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Easy Dyeing with Onion Skins

It is so easy to dye fabrics with onion skins! All you need are onion skins, a pot of simmering water and your fabric! I use yellow onions (since we cook with those anyway) and the resulting dye color will be a rust color ranging from pale to dark depending on how many skins you have in your pot!



White onion skins will not darken enough to get color but there is no reason you can't throw some in with other colors. Some red or purple onion skins tend to fade a bit over time but they are still a fun additive to the pot!


In the video, I put several samples into the turkey roaster pot I like to use. Raw silk, blank silk habatoi scarf, and a previously ecoprinted silk scarves and leather sample. Some details are in the video.

So gather your supplies!

  1. Onion skins

  2. pot of water

  3. fabric

  4. big spoon or tongs

  5. thermometer is helpful



Onion Skins: For this project I had a dog treat container full of onion skins that I dumped into my pot. I had about 2 gallons of water. Have friends and family save onion skins for you! You may not know that the grocery stores vacuum up all the loose onion skins in the bin and you can always ask for theirs!


Pot:

I was working on my porch (on a cold day!) and as you can see in the video, I raised the temperature to around 180F. No need to boil. I used my turkey roster but any pot will do. Sure you can "cook" indoors as it is just onion skins.




Fabric: As seen in my video I had an assortment of fiber to put into my pot. Onion skins will adhere to virtually any fabric without the use of mordants. And although everything I used in the video were protein fibers, onion skin dye works fine on cellulose fibers such as cotton and linen. If you watch the video carefully you will also notice that I did not pre-wet my fabrics before submerging them into the pot. For this exercise today, it was not necessary. If you decide onion skins are your next favorite go to natural dye, then pre-washing and even scouring of some fabrics prior to dyeing is recommended.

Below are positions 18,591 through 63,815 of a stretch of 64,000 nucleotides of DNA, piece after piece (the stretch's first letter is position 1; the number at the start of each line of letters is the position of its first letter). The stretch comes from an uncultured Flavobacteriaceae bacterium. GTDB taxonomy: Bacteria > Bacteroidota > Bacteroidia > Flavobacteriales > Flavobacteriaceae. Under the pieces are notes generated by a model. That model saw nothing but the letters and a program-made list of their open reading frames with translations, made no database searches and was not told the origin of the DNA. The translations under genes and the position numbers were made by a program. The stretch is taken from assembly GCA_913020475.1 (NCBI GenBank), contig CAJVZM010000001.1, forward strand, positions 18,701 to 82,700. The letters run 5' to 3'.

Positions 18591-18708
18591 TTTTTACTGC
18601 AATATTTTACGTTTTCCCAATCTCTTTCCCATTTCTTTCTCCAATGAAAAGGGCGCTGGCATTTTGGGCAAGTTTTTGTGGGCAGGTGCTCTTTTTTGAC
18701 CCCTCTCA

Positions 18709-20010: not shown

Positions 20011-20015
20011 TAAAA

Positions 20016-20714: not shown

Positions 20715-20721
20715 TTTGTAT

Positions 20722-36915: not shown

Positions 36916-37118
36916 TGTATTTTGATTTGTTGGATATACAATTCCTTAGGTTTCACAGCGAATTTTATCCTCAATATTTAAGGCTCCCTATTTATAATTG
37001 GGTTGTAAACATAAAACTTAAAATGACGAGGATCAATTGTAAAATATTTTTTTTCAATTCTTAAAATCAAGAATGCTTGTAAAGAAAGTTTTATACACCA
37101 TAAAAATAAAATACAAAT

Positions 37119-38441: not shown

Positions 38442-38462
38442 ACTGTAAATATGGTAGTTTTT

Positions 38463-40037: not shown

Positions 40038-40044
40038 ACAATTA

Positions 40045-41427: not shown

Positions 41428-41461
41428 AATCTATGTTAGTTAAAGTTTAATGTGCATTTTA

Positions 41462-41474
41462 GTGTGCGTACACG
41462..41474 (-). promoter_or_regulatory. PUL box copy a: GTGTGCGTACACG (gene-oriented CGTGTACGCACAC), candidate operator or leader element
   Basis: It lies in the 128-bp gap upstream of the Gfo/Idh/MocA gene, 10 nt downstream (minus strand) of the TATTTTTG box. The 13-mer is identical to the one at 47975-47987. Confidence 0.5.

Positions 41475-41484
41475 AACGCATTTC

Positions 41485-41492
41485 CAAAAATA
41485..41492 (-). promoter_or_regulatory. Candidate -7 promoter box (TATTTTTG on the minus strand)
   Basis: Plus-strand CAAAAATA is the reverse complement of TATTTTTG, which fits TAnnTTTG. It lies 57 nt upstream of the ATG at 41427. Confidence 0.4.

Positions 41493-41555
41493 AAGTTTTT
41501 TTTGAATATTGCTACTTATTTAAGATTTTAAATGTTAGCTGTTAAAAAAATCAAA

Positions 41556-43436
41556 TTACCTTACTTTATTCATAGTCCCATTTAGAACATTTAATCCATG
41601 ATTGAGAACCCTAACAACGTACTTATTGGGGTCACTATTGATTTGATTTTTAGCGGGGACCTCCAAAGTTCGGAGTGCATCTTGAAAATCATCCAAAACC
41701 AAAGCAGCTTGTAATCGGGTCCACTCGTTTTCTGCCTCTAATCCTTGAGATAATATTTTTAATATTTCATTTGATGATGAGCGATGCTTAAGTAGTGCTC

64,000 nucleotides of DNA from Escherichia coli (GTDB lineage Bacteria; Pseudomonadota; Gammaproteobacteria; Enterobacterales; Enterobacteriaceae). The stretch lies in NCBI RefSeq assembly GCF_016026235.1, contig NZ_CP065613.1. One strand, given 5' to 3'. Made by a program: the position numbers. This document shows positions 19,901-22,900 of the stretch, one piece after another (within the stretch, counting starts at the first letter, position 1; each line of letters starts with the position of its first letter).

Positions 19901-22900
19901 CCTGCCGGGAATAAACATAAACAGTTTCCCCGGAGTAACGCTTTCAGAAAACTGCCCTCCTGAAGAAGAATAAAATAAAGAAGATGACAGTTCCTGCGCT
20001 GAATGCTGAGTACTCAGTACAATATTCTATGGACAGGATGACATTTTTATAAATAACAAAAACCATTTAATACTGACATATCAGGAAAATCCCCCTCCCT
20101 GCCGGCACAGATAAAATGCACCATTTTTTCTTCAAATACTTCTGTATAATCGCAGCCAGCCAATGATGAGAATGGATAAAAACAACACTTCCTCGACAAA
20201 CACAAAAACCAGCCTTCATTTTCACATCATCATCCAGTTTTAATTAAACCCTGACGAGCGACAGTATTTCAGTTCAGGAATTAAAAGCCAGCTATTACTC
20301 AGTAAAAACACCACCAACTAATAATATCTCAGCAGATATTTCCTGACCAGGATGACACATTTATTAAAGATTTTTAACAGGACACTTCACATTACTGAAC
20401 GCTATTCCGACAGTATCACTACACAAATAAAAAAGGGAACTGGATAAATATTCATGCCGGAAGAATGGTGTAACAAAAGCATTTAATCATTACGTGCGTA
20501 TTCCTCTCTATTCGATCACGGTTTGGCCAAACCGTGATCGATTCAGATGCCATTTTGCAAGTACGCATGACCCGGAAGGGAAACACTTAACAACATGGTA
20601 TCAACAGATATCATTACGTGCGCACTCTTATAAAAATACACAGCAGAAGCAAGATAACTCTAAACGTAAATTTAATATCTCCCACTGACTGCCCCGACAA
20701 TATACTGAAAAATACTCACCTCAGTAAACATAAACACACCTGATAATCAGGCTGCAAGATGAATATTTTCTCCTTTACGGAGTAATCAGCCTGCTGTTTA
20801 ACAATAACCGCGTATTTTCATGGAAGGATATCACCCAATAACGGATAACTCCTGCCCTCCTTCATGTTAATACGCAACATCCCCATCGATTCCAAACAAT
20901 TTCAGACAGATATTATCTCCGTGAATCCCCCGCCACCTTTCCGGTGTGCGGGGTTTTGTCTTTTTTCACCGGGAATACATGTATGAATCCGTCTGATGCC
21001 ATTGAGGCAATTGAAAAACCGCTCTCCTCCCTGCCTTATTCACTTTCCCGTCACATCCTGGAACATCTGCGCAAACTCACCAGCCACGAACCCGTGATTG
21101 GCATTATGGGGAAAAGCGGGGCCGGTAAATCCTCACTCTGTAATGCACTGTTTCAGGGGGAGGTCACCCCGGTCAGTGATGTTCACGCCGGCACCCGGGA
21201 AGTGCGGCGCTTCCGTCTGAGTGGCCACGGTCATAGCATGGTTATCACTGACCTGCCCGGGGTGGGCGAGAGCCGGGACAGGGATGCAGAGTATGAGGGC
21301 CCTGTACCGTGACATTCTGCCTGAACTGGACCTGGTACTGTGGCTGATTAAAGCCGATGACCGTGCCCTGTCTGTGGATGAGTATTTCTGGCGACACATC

Spoon or Tongs: You will be lifting your fabrics out of a hot pot!



Thermometer. We are all familiar (thanks to Covid-19!) with digital point and shoot thermometers and they are super handy in ecoprinting! The other thermometer shown is one used for cooking and it is highly accurate!



I simply simmered everything at 180F for about an hour, then turned off the heat and, because it was dark and getting even colder outside, I just let the pot sit overnight! That is NOT necessary! You can take them out when an hour or so is up.



Here I am pulling out a previously ecoprinted wool piece that I felt needed a little "help." lol. Then everything was washed in a washing machine and dried on my clothesline.



Silk, silk, raw silk, wool, leather (below)


Ecoprinted leather simmered in onion skin bath

Soaking previously ecoprinted pieces or fresh fabric in an onion skin bath is a great way to enhance many pieces! I particularly like to dye raw silk to use in my clothing as an accent piece! Below is a nice example of doing just that!


Accent pieces are raw silk dyed with onion skins!

Dyeing onion skins is a simple yet fun way to add some beautiful earth tones to your fabric. Start saving your onion skins today and see what colors you come up with!-Theresa

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Just a reminder that things are starting to get busy!

March 8-9, 2024 is the Carolina Fiber Fest in Raleigh NC where I am teaching 3 workshops (See my workshop page for details)

March 24-30, 2024 is my Ecoprint on Leather Maker's Workshop at John C Campbell school in the lovely NC mountains! Details under my workshops!


Until next time!

Theresa




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